POLITICS

Nevada Refuses To Say How Many Inmates Employees Shot. That's A Problem.

Do taxpayers have a right to know if a prison is taking action that leads to injury of inmates? I think so.

WASHINGTON -- Last year, a trainee officer shot and killed a handcuffed inmate in a Nevada prison, then blamed another inmate for the death. Since 2012, Nevada Department of Corrections employees have fired more than 123 live rounds. But we don't know how many of those shots injured inmates, because Nevada refuses to tell us.

For this week's Highline story, I detailed injuries that inmates claim to have suffered as a result of Nevada's policy of allowing officers to bounce 7 1/2-birdshot off the ground to break up serious fights. One inmate, an alleged bystander, was permanently blinded. Another sent his attorney a bag of dozens of birdshot pellets he dug out of his skin. On April 21, an officer at Ely State Prison shot at inmates who were ganging up on one inmate. Five inmates not involved in the fight whatsoever were hit by birdshot, one in the eye. His family has worried he, too, is going blind.

In August, I filed a public records request asking Nevada to provide me the number of inmates injured by a gun fired by a NDOC employee between 2010 and 2015, as well as the reports showing what happened. The state refused, in part on the basis that "critical incident data is confidential and cannot be released." But under the law, "when the requested record is not explicitly made confidential by a statute" -- which is the case here -- "the government bears the burden of showing that its interest in nondisclosure clearly outweighs the public's interest in access." (A Nevada spokesperson did not provide comment for this story.)

Do taxpayers have a right to know if a taxpayer-funded entity is taking action that leads to injury of inmates in their care? I think so. Taxpayers are also responsible for costs if these inmates win lawsuits. Additionally, even if this information is confidential, the Nevada Public Records Act says that the government cannot deny an entire record if they are able to redact confidential information -- for example, medical details. (A Nevada spokesperson also declined to comment on how many inmates have lost their sight as a result of birdshot, citing medical privacy laws.)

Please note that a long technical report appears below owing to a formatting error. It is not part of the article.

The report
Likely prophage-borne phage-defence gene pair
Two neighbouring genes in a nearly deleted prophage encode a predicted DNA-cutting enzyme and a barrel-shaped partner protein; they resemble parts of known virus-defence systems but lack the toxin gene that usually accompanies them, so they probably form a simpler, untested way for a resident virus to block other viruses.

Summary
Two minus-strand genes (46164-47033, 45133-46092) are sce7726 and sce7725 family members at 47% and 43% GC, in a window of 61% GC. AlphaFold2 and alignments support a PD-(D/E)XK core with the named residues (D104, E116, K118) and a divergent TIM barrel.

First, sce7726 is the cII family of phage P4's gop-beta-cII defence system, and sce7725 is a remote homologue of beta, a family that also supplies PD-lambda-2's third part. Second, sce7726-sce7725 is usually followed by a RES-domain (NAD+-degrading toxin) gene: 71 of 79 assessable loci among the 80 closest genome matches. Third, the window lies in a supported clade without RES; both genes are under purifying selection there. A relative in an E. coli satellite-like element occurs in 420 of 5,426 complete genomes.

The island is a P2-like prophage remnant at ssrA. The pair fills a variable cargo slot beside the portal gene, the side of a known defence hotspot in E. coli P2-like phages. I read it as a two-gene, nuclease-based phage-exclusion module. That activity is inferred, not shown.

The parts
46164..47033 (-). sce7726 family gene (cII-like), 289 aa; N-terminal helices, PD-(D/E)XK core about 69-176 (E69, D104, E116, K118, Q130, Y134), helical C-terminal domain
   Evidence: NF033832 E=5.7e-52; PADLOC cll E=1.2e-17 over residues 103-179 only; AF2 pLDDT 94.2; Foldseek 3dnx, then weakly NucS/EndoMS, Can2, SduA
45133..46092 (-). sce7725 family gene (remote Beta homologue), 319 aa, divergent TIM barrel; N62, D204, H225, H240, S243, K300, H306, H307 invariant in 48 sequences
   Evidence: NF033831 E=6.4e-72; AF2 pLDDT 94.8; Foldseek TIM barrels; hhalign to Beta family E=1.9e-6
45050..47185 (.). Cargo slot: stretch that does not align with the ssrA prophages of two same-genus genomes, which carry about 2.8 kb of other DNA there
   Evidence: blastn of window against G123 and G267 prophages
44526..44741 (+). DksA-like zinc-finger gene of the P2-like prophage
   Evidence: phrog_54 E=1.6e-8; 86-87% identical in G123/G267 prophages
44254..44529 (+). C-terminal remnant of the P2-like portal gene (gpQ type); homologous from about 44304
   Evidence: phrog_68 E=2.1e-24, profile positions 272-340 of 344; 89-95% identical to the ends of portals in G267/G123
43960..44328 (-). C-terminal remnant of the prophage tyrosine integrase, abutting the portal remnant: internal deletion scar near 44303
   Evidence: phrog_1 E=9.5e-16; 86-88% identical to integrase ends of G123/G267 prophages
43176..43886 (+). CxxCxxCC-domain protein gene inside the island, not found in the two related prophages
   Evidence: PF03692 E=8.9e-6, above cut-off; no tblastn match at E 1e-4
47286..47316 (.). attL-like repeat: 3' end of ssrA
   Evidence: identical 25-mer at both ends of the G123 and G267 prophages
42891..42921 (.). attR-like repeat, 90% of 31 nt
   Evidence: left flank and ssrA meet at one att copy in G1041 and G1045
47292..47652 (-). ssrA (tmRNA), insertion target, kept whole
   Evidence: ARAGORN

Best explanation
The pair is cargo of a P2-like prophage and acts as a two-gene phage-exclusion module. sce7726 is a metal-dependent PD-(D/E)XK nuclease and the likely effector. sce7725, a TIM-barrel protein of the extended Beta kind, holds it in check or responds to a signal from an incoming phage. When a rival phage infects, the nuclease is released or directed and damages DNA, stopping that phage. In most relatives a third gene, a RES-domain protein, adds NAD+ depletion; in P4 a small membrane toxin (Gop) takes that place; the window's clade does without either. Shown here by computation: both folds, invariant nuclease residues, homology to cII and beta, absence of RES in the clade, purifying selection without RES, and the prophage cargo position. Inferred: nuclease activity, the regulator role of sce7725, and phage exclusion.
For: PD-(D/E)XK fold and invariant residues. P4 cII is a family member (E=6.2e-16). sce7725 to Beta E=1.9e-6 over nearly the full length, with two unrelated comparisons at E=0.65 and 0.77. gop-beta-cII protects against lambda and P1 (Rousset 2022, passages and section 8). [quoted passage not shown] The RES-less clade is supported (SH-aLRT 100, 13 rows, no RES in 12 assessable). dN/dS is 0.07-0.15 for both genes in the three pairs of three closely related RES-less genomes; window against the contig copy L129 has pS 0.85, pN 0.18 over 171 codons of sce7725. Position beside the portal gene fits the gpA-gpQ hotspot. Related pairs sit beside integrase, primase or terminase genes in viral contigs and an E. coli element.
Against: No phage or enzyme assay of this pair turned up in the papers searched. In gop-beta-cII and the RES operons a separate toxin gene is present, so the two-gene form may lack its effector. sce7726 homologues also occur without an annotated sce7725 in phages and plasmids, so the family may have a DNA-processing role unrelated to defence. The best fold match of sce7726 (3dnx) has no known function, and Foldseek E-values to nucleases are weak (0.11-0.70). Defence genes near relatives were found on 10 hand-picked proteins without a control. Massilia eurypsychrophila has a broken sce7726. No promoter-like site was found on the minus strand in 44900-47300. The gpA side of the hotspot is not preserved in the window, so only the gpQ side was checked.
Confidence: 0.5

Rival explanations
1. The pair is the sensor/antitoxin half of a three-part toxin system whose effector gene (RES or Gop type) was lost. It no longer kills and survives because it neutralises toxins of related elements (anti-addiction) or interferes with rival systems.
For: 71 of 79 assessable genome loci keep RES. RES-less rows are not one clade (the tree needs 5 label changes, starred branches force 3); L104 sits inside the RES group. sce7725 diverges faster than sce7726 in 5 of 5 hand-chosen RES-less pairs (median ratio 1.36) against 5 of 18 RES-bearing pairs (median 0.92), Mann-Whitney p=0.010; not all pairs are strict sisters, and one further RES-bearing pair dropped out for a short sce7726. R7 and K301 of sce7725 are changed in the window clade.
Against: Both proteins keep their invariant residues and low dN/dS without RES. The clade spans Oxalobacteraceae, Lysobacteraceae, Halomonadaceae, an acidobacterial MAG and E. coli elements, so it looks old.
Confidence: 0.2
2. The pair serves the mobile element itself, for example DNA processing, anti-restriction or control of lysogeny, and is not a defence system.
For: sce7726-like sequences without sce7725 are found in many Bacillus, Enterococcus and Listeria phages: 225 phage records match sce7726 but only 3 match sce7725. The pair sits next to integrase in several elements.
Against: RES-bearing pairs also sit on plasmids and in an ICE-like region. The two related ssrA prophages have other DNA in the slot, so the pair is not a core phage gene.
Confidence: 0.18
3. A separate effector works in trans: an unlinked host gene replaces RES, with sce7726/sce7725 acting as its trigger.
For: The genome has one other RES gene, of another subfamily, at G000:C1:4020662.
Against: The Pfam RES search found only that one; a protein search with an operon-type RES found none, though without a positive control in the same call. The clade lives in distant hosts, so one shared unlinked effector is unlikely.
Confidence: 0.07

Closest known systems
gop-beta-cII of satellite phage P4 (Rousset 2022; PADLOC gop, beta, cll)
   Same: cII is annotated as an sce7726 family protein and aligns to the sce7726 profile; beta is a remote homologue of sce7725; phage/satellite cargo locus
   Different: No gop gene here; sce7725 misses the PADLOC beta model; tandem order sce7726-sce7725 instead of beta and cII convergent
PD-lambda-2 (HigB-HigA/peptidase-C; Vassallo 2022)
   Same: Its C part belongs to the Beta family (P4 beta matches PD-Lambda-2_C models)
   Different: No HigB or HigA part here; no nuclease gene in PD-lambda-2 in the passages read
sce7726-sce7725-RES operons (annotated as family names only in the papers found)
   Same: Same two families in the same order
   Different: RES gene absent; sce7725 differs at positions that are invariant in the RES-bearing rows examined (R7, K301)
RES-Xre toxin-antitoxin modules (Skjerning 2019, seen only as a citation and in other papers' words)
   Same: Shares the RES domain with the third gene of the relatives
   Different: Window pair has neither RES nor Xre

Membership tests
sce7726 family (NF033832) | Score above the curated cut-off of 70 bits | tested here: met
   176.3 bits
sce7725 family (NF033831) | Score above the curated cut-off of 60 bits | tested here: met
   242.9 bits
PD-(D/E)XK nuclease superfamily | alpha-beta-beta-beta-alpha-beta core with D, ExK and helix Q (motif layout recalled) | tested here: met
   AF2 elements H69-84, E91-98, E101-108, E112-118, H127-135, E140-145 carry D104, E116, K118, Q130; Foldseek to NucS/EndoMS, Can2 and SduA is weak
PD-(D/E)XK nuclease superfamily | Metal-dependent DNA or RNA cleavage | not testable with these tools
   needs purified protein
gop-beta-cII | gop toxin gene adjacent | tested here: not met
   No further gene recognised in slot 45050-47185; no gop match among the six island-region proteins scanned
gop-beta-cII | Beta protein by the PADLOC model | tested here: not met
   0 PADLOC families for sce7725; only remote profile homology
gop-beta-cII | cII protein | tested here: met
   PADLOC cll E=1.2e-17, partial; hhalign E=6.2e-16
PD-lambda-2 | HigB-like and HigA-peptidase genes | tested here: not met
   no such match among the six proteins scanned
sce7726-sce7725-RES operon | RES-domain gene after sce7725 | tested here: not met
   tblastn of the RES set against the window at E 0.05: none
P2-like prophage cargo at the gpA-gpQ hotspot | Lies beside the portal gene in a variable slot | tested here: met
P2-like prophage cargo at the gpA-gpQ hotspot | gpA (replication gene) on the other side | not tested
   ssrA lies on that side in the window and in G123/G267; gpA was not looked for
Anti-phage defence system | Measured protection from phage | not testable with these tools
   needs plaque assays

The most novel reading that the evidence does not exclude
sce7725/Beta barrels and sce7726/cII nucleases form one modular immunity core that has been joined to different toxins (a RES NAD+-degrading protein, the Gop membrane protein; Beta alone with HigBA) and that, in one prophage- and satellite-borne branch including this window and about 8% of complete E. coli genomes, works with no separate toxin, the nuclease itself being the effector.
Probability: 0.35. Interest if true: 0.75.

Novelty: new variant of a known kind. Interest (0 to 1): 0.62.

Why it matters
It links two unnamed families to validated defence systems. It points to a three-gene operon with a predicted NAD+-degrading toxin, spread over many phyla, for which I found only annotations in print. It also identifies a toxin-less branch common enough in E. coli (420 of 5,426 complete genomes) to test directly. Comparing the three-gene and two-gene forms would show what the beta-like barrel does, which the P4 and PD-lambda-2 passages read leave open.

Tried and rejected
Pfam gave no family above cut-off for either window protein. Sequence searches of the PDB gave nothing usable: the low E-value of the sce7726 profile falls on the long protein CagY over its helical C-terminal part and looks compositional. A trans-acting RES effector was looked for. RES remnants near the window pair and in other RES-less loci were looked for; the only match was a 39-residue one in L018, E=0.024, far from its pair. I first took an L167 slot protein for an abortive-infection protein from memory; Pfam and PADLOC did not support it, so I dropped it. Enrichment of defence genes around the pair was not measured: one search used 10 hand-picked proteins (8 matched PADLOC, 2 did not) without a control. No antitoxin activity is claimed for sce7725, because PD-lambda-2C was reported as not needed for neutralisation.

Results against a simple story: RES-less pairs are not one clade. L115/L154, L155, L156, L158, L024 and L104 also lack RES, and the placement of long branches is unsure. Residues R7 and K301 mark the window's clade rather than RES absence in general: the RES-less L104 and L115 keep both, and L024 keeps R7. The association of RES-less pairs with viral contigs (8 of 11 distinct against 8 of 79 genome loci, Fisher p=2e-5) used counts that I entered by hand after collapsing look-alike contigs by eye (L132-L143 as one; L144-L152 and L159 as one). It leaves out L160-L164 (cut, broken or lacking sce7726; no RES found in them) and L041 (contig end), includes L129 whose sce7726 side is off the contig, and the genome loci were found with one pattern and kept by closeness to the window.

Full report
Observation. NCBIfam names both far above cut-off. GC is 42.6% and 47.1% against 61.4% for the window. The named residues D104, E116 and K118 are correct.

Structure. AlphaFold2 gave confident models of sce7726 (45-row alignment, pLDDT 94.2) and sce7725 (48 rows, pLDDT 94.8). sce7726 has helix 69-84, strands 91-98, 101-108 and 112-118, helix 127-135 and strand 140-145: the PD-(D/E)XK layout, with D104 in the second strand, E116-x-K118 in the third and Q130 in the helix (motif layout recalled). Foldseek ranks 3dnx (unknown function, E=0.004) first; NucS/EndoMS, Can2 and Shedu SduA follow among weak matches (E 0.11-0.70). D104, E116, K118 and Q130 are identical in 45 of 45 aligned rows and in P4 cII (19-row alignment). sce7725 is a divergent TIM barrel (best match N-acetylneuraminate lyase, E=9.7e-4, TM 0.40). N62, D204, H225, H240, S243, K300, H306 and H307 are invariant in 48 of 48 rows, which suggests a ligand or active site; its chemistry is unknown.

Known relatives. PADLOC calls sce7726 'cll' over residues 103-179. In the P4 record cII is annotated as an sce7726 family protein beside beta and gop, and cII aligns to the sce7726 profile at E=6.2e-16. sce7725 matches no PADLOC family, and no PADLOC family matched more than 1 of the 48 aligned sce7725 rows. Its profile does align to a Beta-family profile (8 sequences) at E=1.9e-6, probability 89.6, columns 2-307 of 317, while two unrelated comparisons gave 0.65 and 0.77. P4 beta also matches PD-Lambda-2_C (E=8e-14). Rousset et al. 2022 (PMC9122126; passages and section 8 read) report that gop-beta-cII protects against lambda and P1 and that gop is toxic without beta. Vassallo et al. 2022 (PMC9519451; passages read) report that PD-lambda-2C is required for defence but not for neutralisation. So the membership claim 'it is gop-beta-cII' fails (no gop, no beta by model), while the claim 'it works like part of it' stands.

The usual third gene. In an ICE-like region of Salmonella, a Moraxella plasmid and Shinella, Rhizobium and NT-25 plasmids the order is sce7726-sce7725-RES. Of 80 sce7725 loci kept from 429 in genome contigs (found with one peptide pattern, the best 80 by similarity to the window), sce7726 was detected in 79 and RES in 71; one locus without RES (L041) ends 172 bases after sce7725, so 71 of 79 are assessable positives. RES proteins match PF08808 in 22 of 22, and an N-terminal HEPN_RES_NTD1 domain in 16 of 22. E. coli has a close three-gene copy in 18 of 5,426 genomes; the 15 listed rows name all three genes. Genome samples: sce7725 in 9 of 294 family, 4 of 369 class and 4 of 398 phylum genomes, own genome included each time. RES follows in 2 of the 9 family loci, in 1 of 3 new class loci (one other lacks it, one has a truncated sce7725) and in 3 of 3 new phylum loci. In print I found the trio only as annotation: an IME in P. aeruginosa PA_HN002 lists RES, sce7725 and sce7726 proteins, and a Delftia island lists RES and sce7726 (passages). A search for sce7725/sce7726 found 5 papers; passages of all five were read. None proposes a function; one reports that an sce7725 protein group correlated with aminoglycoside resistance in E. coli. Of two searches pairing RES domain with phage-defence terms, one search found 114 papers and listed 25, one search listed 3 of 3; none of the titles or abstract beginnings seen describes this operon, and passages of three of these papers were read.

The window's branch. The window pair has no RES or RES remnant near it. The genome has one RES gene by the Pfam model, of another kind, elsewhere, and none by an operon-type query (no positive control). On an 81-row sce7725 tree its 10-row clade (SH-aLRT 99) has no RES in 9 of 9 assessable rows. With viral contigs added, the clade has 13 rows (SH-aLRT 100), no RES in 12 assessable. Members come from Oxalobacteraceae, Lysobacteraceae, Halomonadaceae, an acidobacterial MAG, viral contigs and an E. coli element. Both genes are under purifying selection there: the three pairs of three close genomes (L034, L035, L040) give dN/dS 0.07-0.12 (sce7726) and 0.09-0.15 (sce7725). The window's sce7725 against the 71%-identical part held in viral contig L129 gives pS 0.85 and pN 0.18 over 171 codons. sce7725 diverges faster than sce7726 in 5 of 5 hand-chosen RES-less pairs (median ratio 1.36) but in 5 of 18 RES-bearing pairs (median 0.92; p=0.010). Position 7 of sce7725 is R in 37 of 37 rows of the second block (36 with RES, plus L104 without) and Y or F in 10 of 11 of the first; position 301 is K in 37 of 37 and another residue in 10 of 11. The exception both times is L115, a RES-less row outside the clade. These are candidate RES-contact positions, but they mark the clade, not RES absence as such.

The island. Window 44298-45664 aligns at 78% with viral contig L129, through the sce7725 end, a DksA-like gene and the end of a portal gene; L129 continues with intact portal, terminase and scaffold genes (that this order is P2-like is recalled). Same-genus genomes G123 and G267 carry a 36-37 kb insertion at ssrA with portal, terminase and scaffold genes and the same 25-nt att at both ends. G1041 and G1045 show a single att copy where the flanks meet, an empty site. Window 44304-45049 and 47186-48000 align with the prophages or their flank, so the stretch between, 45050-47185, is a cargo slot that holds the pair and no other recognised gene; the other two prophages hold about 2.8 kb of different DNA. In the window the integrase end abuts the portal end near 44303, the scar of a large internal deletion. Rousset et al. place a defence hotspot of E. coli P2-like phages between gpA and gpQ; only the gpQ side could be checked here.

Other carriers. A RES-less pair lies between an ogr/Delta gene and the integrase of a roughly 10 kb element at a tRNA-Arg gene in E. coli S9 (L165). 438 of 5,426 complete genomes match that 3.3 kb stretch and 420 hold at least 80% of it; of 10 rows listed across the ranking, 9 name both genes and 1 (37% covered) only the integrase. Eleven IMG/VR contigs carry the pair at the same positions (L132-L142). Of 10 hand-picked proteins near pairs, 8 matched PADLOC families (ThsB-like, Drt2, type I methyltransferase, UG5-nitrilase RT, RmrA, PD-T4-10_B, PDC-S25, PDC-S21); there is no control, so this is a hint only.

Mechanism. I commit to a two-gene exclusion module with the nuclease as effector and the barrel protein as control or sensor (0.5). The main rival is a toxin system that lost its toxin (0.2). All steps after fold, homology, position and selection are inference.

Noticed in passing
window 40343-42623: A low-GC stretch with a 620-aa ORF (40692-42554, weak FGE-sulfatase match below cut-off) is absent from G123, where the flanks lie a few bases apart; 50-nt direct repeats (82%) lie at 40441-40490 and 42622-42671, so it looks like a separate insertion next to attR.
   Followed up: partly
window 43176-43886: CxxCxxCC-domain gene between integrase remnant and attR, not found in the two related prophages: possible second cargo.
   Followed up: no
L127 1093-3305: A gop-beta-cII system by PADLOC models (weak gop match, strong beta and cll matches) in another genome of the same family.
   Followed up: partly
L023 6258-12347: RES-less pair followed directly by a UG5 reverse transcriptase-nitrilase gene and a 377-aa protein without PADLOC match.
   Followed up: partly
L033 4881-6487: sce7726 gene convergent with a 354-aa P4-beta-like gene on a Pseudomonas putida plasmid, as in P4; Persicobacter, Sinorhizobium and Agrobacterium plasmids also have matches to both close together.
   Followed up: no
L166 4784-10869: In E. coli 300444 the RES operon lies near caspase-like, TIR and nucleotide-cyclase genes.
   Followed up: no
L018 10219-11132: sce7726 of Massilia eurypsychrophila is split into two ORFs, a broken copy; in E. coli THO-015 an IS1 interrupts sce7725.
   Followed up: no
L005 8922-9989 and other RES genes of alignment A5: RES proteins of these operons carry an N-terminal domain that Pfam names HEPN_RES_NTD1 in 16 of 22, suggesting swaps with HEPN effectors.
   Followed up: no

But that's not the only information that Nevada has not provided. Under NDOC policy, use of force or the aftermath is supposed to be videotaped. One inmate who witnessed the death of that handcuffed inmate, Carlos Perez, told me, "the pictures and video will shock you with the amount of blood." In October, I filed requests for video and photographic evidence for three alleged shootings that are a matter of public record -- because the inmates have filed lawsuits -- and which I do not have reason to believe are still under investigation. Because they are already the subject of public legal proceedings, there is no inmate privacy interest at stake to be claimed by the government. Nevada acknowledged my request, but I haven't gotten a response since.

Nevada also refused to tell me whether any disciplinary action was taken against the three officers sued by Perez's family over his death, saying that "employee disciplinary records are specifically exempt for disclosure."

Prison reporting is always going to be challenging. Earlier this year, I ran into multiple roadblocks during the months we spent reporting on the experiences of youthful inmates held in the adult prison system in Michigan. Although I was permitted to interview inmates, I was forbidden to bring a camera or recorder, and the state attorney general’s office issued (and later withdrew) two subpoenas for my handwritten notes. Michigan also asked me for more than $76,000 so it could fulfill my routine reporting requests, because information is organized in ways that make it difficult to search.

Some states have security exemptions that prevent journalists from disclosing the inner workings of prisons. Officials can claim that releasing the details of their force policies would allow inmates to exploit them for criminal gain, for example. But secrecy also can breed mistakes or misconduct, and if force is being used, there needs to be a level of transparency. It's been over a year since Perez was shot, and the attorney general is still investigating. NDOC told me that no records can be released about that case while the investigation is underway. Perez's own family said they didn't find out he was shot until they went to the funeral home.

Nevada has asked independent corrections experts to examine its force practices, including the use of birdshot. Those experts found problems -- including that birdshot has injured three staff members -- and urged Nevada to phase out its use entirely. The NDOC refused. The Nevada Department of Corrections wants the public to believe it knows how to handle guns in its facilities, and that the practice is necessary to protect the safety of inmates and staff.

But they won't release the records to prove it.

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